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Old 09-03-2020, 10:21   #40
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Re: Sailing 2020 From Chesapeake to Nova Scotia

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Originally Posted by bicyclewriter View Post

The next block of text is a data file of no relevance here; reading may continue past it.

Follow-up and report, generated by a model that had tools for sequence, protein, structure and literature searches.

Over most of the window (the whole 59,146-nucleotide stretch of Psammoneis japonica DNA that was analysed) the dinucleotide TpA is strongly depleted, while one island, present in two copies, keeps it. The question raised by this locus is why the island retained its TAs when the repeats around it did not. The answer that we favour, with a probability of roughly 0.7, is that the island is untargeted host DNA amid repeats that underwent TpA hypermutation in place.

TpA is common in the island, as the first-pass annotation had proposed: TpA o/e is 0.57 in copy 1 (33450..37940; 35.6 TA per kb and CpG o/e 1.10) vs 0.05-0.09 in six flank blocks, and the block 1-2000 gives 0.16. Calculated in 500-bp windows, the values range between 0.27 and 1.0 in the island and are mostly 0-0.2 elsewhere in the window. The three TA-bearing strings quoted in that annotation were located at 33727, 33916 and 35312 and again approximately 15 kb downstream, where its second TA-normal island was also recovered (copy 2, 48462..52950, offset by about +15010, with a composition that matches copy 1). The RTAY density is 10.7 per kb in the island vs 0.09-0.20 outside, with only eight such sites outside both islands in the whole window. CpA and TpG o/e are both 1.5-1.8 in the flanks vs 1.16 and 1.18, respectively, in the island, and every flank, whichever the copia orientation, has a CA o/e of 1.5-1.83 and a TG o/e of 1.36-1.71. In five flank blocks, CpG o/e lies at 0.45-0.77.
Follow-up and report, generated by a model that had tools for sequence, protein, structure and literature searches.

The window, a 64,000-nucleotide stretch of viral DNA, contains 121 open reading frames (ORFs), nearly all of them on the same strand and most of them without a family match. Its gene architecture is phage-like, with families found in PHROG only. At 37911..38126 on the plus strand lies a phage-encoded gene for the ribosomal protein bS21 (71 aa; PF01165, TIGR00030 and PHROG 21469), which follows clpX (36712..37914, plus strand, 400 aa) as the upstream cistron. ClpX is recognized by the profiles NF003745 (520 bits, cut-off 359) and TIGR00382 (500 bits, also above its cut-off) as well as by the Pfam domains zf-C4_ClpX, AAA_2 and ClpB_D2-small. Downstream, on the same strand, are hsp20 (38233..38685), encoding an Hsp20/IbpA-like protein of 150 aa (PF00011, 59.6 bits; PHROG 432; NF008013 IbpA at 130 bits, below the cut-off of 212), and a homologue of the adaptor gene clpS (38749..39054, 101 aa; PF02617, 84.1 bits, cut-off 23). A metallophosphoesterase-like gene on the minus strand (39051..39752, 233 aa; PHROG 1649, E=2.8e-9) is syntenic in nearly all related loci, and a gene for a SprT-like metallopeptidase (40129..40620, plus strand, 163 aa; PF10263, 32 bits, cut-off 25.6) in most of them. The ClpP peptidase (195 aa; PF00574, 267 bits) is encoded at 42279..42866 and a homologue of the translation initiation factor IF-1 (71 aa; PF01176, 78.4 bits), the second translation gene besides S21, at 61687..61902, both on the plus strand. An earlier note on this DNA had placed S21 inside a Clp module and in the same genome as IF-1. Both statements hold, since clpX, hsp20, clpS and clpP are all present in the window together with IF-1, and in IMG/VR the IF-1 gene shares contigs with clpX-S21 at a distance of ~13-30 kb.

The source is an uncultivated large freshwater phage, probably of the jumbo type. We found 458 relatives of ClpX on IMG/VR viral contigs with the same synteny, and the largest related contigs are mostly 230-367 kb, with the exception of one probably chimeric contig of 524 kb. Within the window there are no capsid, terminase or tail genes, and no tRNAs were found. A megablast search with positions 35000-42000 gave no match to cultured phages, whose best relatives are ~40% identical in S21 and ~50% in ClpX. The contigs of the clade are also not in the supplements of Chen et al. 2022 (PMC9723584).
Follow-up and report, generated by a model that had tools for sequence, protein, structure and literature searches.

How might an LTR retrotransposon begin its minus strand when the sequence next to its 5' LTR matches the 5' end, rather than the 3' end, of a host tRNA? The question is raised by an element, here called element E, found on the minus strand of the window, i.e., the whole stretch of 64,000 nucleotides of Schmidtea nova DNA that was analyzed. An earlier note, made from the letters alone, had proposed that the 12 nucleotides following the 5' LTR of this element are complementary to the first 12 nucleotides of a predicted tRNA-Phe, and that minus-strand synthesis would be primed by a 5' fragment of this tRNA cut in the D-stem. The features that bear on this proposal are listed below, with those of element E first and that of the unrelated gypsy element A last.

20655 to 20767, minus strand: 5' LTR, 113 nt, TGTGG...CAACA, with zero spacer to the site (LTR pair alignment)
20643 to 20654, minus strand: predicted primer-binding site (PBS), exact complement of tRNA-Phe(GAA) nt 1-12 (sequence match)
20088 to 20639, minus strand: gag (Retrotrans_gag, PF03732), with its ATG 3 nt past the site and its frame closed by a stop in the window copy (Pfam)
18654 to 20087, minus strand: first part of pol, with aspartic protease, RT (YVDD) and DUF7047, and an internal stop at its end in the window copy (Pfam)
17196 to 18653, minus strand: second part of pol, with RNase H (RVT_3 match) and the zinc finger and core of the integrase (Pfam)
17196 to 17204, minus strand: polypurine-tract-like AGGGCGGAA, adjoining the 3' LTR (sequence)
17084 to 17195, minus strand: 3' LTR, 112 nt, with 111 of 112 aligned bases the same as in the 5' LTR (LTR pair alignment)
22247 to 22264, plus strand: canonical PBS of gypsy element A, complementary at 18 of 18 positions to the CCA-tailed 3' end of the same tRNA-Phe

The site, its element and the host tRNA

We're a liveaboard couple planning to sail from the Chesapeake area up to Nova Scotia this summer (2020). I'd love to hear from others who have made the trip with any advice (route, best experiences there, etc). We're assuming we'd aim for Lunenburg with bailout options along the way should the weather forecast change. Probably late June or early July. Also, regarding the return trip, we're assuming that would likely be a coastal hopping trip since the likelihood of the right weather/wind window in that direction is low. We did a similar trip last summer, putting in at Block and hopping our way up to Acadia then coastal hopping back. Thoughts, ideas, and advice are welcome!